We further find no merit in Mayo's argument that the individual packaging evidence was insufficient in this case because the officer testified that a drug user “could” possess 34 bags of cocaine. The inference to be drawn from the large number of bags was for the jury to decide and it was not bound by the officer's hypothetical testimony. Strong v. State, 265 Ga.App. 257, 258, 593 S.E.2d 719 (2004); State v. Ellison, 271 Ga.App. 898, 903(5), 611 S.E.2d 129 (2005). Moreover, “[t]he intent with which an act is done is peculiarly a question of fact for determination by the jury․ Intent, which is a mental attitude, is commonly detectible only inferentially, and the law accommodates this.” (Citation and footnote omitted.) Howard v. State, 268 Ga.App. 558, 559, 602 S.E.2d 295 (2004). Finally, “[a]s long as there is some competent evidence, even though contradicted, to support each fact necessary to make out the State's case, the jury's verdict will be upheld.” (Citation and punctuation omitted.) Miller v. State, 273 Ga. 831, 832, 546 S.E.2d 524 (2001). Therefore, sufficient evidence supports Mayo's intent to distribute cocaine under the standards set forth in Jackson v. Virginia, 443 U.S. 307, 99 S.Ct. 2781, 61 L.Ed.2d 560 (1979).
(b) Although Mayo claims in his enumeration of error generally that insufficient evidence supports his possession of marijuana conviction, he makes no argument with regard to this conviction in his brief. As a result, we deem it abandoned pursuant to Court of Appeals Rule 25(c)(2). Vick v. State, 237 Ga.App. 762, 763(1), 516 S.E.2d 815 (1999).
2. In his remaining enumeration of error, Mayo contends his counsel was ineffective for failing: (1) to meet with him on a sufficient number of occasions and for a sufficient length of time; (2) to properly investigate a newspaper article about blue baggies of drugs found in another location; and (3) “to allow” him to personally view his prior conviction used in the sentencing hearing.
The two-prong test for determining the validity of a claim of ineffective assistance of counsel provided in Strickland v. Washington, 466 U.S. 668, 104 S.Ct. 2052, 80 L.Ed.2d 674 (1984), asks whether counsel's performance was deficient and, if so, whether this deficiency prejudiced the defense; that is, whether there is a reasonable probability that the outcome of the proceedings would have been different, but for counsel's deficiency.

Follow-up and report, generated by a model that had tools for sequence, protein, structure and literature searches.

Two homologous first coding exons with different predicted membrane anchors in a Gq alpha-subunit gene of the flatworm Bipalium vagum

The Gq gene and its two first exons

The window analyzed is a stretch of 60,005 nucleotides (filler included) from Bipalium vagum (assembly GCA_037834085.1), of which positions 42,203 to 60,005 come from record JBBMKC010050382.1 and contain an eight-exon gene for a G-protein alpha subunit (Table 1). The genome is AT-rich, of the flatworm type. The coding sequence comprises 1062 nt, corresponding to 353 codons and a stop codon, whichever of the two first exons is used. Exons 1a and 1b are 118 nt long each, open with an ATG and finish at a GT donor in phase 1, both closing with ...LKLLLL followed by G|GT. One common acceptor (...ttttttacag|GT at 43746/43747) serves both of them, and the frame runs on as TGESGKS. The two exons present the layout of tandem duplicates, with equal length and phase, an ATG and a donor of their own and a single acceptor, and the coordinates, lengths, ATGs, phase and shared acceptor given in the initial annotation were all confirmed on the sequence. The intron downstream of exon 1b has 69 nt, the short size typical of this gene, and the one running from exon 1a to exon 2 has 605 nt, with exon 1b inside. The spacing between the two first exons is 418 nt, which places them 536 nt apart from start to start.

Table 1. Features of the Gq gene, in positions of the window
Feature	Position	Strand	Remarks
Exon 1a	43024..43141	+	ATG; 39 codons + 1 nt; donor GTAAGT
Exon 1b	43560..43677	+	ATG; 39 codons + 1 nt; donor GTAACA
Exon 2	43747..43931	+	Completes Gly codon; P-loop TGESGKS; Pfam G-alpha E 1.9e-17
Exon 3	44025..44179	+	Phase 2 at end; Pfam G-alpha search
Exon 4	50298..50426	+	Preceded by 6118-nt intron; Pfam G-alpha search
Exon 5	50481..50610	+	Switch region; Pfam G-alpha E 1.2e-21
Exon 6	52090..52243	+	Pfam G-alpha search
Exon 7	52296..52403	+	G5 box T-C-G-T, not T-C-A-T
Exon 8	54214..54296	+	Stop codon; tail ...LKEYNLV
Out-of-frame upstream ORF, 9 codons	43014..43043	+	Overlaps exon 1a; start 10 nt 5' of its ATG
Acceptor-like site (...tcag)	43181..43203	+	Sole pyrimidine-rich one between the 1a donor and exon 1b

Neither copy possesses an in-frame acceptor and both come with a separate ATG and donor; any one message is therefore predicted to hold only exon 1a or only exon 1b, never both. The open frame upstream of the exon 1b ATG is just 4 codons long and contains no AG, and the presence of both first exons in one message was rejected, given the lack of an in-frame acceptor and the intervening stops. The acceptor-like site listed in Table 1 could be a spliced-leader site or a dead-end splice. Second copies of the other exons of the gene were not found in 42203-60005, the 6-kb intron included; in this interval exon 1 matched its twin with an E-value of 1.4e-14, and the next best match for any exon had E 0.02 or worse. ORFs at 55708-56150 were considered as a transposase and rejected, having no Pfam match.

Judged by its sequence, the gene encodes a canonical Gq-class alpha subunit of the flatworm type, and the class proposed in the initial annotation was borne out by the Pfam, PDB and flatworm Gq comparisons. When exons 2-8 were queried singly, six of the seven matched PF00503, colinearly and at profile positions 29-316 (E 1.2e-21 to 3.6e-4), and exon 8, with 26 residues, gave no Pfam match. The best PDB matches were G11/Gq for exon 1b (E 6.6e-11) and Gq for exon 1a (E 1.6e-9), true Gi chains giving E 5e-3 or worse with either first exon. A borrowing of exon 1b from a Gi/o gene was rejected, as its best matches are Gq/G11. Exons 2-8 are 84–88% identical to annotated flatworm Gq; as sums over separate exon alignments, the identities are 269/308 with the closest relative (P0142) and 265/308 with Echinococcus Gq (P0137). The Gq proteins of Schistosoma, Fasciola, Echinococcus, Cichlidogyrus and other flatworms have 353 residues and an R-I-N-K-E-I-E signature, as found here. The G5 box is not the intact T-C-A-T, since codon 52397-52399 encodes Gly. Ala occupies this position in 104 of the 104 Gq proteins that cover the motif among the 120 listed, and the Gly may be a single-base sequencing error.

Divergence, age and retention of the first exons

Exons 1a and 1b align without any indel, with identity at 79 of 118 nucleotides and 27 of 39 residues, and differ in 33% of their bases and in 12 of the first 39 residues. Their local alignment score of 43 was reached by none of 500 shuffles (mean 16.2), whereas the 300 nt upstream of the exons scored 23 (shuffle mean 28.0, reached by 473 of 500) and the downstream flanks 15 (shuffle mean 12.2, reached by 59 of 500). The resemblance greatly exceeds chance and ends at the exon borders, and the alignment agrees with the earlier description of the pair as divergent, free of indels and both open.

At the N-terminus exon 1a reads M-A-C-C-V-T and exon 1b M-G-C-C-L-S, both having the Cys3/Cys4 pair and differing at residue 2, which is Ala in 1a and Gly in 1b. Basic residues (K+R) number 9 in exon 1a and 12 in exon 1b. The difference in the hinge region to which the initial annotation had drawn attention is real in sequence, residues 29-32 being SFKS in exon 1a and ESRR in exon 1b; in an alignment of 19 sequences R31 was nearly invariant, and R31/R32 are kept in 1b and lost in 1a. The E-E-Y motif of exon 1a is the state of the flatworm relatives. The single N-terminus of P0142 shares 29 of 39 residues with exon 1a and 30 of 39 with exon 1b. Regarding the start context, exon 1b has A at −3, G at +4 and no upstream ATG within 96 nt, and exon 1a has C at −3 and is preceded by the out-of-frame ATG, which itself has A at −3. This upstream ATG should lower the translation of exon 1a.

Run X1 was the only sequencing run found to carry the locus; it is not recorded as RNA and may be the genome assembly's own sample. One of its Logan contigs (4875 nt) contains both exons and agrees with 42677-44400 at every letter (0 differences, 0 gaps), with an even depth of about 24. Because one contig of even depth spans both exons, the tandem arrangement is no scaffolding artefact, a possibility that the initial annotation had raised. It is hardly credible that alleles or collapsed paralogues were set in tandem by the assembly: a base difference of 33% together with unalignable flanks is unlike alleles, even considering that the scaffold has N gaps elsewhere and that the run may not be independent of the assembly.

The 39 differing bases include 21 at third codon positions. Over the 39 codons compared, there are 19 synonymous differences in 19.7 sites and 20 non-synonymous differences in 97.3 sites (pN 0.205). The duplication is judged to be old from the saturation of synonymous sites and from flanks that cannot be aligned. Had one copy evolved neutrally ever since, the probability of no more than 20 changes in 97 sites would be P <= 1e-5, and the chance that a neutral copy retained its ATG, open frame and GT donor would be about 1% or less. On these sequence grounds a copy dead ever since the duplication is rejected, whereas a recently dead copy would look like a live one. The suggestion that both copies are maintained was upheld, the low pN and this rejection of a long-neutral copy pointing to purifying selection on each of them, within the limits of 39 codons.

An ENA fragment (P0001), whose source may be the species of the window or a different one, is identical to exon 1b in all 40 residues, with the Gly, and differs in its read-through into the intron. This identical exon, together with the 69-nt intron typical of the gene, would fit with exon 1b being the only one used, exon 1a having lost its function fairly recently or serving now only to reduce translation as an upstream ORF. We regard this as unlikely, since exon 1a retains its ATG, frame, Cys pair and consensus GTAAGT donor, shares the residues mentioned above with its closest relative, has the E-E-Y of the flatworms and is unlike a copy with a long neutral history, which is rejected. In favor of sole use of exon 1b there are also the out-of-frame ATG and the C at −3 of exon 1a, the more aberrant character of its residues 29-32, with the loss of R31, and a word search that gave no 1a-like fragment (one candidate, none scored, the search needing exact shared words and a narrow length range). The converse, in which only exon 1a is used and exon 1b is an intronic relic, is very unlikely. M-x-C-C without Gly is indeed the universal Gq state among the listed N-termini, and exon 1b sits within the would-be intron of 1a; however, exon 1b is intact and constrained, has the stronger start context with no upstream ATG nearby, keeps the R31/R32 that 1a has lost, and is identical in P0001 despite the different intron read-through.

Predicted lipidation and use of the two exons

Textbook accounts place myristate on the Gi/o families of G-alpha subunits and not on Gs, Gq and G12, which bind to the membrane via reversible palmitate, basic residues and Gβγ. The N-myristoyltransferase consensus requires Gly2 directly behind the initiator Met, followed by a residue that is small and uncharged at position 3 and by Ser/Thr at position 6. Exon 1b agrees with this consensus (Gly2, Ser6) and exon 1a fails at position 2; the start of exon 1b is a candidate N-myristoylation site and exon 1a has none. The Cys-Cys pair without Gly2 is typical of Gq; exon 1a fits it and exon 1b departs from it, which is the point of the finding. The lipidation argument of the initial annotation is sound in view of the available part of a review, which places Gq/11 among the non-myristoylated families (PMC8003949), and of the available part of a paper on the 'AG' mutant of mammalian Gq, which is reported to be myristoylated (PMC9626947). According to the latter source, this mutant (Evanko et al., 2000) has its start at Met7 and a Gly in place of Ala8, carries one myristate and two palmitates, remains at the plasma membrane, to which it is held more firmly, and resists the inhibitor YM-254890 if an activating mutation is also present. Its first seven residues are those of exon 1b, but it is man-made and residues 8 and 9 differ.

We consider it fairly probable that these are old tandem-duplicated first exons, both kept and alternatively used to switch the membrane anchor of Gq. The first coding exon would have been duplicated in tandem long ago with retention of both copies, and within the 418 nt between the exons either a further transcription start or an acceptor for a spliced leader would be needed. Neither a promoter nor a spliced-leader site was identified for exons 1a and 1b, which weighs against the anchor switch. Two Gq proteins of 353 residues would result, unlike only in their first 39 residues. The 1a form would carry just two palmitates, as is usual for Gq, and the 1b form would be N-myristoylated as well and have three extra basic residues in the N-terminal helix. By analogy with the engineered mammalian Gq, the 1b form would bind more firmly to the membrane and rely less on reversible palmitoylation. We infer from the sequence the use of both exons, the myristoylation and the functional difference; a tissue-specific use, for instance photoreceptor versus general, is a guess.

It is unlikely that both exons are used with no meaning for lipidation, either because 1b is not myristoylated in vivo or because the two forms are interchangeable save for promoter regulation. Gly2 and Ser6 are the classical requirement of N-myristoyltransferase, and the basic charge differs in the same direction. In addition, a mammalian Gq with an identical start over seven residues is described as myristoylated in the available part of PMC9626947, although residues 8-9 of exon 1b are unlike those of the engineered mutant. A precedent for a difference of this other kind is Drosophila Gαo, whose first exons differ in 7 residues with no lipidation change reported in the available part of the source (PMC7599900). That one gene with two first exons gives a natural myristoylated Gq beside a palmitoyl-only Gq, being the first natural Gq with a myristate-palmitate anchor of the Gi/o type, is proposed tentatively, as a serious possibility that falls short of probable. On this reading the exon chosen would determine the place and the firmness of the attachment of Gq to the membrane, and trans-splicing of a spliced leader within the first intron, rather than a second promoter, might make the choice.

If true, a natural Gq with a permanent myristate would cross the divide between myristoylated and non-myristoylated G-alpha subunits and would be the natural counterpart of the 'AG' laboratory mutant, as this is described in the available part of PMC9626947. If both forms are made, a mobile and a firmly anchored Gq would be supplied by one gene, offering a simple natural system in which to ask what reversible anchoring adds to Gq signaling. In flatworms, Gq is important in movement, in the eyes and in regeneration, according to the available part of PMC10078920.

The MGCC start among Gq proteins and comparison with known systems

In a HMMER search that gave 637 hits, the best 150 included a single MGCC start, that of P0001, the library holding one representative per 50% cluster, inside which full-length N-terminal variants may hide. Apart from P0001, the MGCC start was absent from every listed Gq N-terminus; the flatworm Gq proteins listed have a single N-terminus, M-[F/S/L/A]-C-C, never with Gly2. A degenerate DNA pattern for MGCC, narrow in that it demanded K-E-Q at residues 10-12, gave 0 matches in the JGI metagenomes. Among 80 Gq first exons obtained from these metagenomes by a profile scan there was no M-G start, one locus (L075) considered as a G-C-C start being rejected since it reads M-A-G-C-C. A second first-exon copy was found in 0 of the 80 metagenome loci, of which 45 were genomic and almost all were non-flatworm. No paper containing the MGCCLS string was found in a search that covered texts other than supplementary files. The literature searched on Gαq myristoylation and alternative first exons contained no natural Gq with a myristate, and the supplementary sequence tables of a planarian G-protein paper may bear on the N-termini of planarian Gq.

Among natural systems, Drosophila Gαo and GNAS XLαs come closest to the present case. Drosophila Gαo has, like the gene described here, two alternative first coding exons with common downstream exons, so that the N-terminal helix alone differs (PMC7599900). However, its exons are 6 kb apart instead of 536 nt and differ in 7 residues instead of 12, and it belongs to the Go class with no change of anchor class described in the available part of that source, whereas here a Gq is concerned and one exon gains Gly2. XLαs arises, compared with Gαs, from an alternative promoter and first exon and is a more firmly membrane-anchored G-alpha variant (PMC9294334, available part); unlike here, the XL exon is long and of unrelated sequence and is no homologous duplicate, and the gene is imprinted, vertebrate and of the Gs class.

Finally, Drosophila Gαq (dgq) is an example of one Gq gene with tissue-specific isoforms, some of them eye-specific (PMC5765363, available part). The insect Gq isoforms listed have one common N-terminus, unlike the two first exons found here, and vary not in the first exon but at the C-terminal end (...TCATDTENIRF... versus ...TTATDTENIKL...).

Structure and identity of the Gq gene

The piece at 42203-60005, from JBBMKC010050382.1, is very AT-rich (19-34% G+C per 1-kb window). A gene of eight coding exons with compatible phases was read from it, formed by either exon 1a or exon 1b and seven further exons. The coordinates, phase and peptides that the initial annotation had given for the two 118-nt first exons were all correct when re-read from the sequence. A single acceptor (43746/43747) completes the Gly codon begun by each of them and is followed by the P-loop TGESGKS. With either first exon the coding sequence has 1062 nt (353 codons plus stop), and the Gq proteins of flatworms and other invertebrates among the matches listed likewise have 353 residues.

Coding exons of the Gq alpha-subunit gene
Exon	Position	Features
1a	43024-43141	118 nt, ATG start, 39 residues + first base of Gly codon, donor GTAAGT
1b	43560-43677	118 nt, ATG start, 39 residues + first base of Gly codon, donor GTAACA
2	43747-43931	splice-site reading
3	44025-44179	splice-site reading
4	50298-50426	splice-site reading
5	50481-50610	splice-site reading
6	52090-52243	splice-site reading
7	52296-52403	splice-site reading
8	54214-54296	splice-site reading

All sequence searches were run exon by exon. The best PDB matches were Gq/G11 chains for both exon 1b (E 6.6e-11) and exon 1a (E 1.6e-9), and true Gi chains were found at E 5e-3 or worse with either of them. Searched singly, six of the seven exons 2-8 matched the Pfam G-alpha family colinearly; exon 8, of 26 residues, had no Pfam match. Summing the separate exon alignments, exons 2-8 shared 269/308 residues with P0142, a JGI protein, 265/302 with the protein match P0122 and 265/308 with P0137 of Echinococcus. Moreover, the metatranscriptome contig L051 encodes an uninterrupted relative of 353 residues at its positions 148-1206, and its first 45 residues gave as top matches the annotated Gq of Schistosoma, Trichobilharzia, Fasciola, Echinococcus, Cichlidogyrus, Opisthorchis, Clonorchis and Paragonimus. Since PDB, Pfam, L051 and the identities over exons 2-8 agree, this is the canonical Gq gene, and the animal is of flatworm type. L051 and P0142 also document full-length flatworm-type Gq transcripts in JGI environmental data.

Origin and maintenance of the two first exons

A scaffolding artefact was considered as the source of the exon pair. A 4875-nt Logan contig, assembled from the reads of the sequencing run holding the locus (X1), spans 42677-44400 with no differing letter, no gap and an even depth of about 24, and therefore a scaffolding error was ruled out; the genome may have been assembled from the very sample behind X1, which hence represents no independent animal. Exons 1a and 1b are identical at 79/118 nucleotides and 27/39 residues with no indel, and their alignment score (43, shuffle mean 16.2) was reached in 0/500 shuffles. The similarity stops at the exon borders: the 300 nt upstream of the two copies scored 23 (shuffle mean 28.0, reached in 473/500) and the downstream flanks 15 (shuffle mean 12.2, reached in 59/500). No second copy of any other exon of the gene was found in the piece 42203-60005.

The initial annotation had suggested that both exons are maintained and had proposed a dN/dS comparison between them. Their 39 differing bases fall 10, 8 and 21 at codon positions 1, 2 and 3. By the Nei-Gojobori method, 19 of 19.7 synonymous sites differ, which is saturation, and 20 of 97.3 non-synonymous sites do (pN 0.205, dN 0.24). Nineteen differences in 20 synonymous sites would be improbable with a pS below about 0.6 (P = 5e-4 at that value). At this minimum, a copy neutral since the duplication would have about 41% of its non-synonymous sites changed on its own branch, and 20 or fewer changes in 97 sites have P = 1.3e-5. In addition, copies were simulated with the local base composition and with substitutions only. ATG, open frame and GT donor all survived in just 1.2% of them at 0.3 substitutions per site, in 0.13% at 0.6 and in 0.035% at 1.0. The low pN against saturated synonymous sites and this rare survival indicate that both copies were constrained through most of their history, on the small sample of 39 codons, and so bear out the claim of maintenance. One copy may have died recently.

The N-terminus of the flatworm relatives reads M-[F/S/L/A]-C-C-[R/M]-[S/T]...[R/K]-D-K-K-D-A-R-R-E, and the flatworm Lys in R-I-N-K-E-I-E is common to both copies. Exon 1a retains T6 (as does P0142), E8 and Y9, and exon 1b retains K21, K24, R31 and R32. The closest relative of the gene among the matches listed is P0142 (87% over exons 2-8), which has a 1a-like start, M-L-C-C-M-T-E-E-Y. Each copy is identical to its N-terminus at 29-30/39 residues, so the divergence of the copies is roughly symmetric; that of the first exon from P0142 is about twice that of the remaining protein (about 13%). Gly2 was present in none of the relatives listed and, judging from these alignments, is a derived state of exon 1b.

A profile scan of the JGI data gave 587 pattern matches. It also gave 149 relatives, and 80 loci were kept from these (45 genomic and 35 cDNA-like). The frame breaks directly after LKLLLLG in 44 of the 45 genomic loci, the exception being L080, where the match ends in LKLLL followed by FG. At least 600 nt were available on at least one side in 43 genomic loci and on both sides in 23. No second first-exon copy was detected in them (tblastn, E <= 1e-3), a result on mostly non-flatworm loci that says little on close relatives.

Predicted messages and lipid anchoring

(Citation, punctuation and footnote omitted.) Bruce v. State, 252 Ga.App. 494, 498(2), 555 S.E.2d 819 (2001). “A trial court's finding that a defendant has not been denied effective assistance of trial counsel will be affirmed unless clearly erroneous.” (Citations and punctuation omitted.) Scapin v. State, 204 Ga.App. 725, 420 S.E.2d 385 (1992).
[a]lthough the Supreme Court in Strickland discussed the performance component prior to the prejudice component, it acknowledged that a court addressing the ineffective assistance issue is not required to approach the inquiry in that order or even to address both components if the defendant has made an insufficient showing on one.
Lajara v. State, 263 Ga. 438, 440(3), 435 S.E.2d 600 (1993).
(a) Mayo claims that his trial counsel's too short and infrequent meetings with him require a new trial. We find no merit in this claim because he fails to argue or demonstrate how this alleged deficiency prejudiced his defense. Washington v. State, 274 Ga. 428, 430(2), 554 S.E.2d 173 (2001).